Local chef faces deportation

Poumay is owner of Michel’s Corner

Michel Poumay, a well-known Durango chef, is being held in Denver pending a hearing about possible deportation. His Durango supporters are collecting signatures for a petition to present to the supervising judge at Poumay’s hearing, which is scheduled for Jan. 15. The petition is available at Karyn Gabaldon Fine Arts, 680 Main Ave. Enlarge photo

Durango Herald file

Michel Poumay, a well-known Durango chef, is being held in Denver pending a hearing about possible deportation. His Durango supporters are collecting signatures for a petition to present to the supervising judge at Poumay’s hearing, which is scheduled for Jan. 15. The petition is available at Karyn Gabaldon Fine Arts, 680 Main Ave.

Well-known Durango chef and crêpe master Michel Poumay is being held in Denver pending a hearing about possible deportation.

His lawyer advised family and friends not to speak to the media.

Pam Glasco has been informally inquiring about Poumay’s situation and stressed that all of her information is secondhand.

“Apparently he has his green card,” she said. “He’s been going back and forth for years with no problem, but on this last trip, he was detained at (Denver International Airport) by Immigration. Apparently, either a particular piece of paper was missing from his file, or some information is missing from a particular form.”

Durango supporters are collecting signatures for a petition to present to the supervising judge at Poumay’s hearing, which is currently scheduled for Jan. 15. The petition is available at Karyn Gabaldon Fine Arts, 680 Main Ave.

“Everyone from the community is encouraged to come down to Karyn’s gallery to sign the petition,” Glasco said. “We’d love to show some real community support.”

Poumay, 61, moved to the United States in 1972. He has been a Durango resident since 1996, when he moved his Chez Grand-mère restaurant down from Snowmass, where he had been in business since 1982.

After closing his restaurant in 2008, Poumay opened Michel’s Corner in 2009, where he prepares crêpes in a mock trolley car parked at Main Avenue and College Drive.

Poumay, who was born in France to Belgian parents, trained in Belgium at the Ecole Hotelliere de Liege-Culinary. He became a naturalized Belgian citizen and has worked in Africa and Central and South America as well as Europe and the United States.

Poumay has won a number of awards for his cooking, perhaps the most prestigious of which is his induction into the Companions of the White Toque with the Order of 33 Master Chefs of Belgium. He has also been awarded AAA’s Four-Diamond rating four times, been named a Three Star Restaurateur by Mobile Guide six times and received Wine Spectator’s wine list award eight times.

He has prepared haute cuisine for Chancellor Willy Brandt of West Germany and Great Britain’s late Queen Mother Elizabeth.

Poumay is being held in the Denver Contract Detention Facility in the suburb of Aurora, according to the U.S. Immigration and Customs Enforcement website.

Jail staff referred questions to ICE’s regional spokesman, Carl Rusnok, who did not return a call and an email from the Herald.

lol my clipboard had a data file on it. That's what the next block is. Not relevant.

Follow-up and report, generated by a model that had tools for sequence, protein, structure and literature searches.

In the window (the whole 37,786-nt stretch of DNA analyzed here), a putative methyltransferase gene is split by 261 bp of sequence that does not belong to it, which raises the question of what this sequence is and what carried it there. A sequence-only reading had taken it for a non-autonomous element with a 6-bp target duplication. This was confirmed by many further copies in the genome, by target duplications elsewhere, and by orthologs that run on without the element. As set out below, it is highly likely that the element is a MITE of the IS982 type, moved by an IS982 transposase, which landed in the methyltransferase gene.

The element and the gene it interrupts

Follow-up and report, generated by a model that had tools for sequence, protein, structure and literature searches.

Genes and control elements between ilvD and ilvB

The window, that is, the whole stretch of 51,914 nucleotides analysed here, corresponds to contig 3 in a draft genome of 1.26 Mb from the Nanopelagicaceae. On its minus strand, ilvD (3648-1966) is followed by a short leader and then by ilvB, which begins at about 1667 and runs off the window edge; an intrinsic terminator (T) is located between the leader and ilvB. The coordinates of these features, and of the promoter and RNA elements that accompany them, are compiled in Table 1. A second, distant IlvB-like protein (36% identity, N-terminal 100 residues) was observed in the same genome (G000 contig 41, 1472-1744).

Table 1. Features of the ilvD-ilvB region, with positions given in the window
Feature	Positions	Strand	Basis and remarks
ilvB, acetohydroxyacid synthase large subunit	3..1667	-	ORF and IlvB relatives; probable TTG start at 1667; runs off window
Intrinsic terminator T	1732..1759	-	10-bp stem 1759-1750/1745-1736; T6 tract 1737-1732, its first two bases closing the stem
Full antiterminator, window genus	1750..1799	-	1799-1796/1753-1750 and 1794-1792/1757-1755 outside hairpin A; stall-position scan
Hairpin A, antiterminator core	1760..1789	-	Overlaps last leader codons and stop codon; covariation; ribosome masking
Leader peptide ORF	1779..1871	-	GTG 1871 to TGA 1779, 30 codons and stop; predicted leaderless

It is unclear when and where immigration authorities took Poumay into custody. The La Plata County Sheriff’s Office has no record of contacting or jailing him.

The Belgian consul general in Los Angeles was not aware of Poumay’s detention.

Poumay finds himself in custody during a tumultuous moment for the country’s immigration agencies. On one hand, deportations are at a record level. On the other, authorities last week started a test program in Denver and Baltimore to focus their deportation efforts on the most dangerous people.

“The Obama administration has deported over 396,000 individuals this year. It’s a huge machine that has been built,” said Julie Gonzales, director of organizing for the Colorado Immigrant Rights Coalition.

Deportations are up 5 percent under this administration compared with former President George W. Bush’s.

“For all the talk of President Obama being a friend to the immigrant community, he’s actually deported more people and separated more families than any president in history,” Gonzales said.

Colorado’s immigration court is in the middle of a six-week shutdown while prosecutors review about 7,800 deportation cases to see if they should be pursued or put on the shelf.

But the review might not necessarily help Poumay.

“There’s all kinds of questions as to what that’s going to mean to people who are in the detention facility,” Gonzales said.

Unlike regular criminal courts, defendants in immigration court are not guaranteed a lawyer if they can’t afford one, and most proceedings are held in secret.

The deportation process can take years. Monday was the fifth anniversary of a federal raid on six Swift meatpacking plants, including one in Greeley, that captured 1,300 suspected illegal immigrants. Twenty Colorado families are still going through the immigration court process from that raid, Gonzales said.

jhanel@durangoherald.com

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